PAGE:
White Poplar

White Poplar

White Poplar - Populus alba

Up to 30 metres high and reaching over a metre in diameter, the White Poplar is the most majestic fast growing riparian tree.

It is easily recognisable by its white, smooth bark, interrupted by numerous cracks (lenticels) which cover not only the branches but also the trunk, at least until the plant is relatively large.

The leaves can vary greatly in shape and size, even on the same plant: those that grow on the short, flowering branches have short stalks and are ovoid with wavy or toothed margins; those on the longer, growing branches are larger and more or less triangular, the margins are incised giving five toothed lobes.

In both cases the upper page is smooth and a beautiful deep green, the lower page whitish and more or less tomentose. A dioecious plant, i.e. with separate male and female individuals.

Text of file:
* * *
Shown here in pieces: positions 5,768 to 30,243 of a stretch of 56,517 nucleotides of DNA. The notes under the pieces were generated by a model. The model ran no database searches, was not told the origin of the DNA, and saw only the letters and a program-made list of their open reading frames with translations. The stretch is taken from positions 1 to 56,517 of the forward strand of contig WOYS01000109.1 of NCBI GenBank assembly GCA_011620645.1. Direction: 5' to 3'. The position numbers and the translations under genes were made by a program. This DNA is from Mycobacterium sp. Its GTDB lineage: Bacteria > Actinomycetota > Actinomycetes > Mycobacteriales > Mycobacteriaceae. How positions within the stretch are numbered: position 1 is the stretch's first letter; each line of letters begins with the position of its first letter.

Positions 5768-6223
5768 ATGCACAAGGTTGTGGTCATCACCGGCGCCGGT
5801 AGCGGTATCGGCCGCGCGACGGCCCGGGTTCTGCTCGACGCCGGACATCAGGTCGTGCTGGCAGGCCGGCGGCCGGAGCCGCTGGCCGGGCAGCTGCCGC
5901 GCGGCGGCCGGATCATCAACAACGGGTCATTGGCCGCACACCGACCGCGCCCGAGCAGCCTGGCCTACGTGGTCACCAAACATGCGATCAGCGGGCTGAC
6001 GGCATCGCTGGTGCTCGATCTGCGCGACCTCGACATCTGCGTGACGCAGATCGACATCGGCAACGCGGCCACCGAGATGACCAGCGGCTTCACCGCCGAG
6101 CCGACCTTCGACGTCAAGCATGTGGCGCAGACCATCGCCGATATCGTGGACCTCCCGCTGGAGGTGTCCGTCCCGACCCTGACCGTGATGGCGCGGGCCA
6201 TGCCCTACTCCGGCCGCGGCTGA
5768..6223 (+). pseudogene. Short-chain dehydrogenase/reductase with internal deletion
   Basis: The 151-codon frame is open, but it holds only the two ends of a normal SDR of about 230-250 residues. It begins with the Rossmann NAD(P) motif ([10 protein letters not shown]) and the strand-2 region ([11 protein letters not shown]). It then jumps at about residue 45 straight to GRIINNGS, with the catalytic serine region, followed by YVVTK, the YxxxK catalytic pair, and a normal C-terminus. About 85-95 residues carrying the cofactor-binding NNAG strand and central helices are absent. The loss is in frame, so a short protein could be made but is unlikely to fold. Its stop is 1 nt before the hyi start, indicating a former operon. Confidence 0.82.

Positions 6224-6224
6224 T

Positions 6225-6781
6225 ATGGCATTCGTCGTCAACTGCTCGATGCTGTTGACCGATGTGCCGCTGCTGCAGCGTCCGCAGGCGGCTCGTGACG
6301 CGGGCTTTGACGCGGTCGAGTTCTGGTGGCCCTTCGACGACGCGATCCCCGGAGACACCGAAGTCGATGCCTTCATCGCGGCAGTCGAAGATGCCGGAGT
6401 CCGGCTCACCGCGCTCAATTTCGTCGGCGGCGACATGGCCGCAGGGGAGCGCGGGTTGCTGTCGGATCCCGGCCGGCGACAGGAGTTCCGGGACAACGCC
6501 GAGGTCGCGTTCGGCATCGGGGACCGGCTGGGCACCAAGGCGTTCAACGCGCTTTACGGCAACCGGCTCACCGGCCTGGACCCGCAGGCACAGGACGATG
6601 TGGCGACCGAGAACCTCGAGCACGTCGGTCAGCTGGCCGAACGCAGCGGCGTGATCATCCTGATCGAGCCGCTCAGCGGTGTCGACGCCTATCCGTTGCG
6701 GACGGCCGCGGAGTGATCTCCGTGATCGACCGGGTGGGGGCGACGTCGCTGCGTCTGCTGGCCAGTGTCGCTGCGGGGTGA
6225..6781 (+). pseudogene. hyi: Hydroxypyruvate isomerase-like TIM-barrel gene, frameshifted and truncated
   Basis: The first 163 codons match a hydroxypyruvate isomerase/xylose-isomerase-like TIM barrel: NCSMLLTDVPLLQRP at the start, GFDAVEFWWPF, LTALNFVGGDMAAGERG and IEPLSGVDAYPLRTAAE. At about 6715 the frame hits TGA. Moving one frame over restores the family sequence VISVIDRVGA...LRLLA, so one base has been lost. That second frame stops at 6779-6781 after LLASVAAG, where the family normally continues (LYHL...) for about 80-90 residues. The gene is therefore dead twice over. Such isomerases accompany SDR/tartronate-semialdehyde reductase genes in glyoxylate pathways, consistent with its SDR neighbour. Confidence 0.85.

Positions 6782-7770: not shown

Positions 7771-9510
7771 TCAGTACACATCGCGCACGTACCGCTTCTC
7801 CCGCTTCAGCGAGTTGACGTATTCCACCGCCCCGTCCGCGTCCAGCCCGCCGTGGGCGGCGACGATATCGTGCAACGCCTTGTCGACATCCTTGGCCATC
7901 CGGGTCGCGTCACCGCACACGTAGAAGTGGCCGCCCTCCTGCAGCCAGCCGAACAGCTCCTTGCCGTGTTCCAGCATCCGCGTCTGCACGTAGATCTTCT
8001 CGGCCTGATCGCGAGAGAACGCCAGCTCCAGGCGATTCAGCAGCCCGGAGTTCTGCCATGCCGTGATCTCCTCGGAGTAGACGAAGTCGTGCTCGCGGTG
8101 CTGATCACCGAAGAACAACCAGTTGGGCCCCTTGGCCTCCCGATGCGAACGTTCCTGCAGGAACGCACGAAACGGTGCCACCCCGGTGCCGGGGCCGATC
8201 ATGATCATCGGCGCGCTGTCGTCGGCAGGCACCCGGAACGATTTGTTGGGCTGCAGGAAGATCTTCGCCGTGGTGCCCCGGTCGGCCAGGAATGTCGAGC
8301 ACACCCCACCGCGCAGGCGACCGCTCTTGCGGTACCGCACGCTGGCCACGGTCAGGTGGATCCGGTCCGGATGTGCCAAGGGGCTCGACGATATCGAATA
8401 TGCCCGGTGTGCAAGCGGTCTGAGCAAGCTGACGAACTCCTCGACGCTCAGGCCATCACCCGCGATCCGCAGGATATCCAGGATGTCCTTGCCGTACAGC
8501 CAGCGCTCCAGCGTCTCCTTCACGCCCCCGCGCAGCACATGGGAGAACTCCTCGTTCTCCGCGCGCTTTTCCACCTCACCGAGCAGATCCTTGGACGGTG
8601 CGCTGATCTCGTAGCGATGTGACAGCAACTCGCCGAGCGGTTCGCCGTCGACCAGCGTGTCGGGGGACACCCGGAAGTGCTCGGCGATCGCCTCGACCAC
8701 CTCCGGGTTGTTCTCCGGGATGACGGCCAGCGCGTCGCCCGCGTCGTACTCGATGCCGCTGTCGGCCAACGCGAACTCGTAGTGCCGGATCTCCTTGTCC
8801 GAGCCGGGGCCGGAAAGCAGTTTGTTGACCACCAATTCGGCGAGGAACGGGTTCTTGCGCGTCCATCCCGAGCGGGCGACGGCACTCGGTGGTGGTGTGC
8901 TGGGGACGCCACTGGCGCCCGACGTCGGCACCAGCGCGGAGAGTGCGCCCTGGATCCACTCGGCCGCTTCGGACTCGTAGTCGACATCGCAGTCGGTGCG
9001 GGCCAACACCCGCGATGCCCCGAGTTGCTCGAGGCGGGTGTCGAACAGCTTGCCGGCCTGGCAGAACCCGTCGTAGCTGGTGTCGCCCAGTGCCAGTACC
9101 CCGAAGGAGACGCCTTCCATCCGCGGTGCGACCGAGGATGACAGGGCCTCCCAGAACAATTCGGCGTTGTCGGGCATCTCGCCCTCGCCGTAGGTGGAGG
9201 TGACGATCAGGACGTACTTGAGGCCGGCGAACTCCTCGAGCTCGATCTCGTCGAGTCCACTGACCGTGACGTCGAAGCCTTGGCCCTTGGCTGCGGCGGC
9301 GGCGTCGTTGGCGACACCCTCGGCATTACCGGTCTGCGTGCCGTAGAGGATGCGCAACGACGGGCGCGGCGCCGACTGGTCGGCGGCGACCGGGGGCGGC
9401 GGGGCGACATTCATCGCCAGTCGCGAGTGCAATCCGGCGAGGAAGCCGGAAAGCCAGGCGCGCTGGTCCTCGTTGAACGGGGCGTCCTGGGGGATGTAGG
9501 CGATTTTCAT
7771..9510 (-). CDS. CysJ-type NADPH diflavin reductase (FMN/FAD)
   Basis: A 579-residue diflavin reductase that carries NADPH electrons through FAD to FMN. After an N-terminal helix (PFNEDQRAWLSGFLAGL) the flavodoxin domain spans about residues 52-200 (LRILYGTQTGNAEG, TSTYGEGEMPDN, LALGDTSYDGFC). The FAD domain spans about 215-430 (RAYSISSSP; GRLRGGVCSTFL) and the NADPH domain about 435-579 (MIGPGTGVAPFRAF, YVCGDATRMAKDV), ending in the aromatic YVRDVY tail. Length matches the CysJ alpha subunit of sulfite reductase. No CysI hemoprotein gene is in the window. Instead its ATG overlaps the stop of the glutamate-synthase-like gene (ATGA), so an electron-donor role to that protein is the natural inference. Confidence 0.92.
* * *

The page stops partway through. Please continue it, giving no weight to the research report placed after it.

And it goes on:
The unisexual flowers, arranged in long drooping inflorescences (catkins) appear before the leaves in February to March. The sex of the tree can also be recognised by its bearing: male trees have pyramidal crowns and the branches do not spread much apart, the females have wider and irregular crowns.

It grows on alluvial flood plains, by running water, the banks of lakes and in marshlands, generally in association with Black Poplar, Ash, Alders and Willows. Although a typical tree of damp plain woodlands, in Italy it can occur as high as 1,500 metres altitude.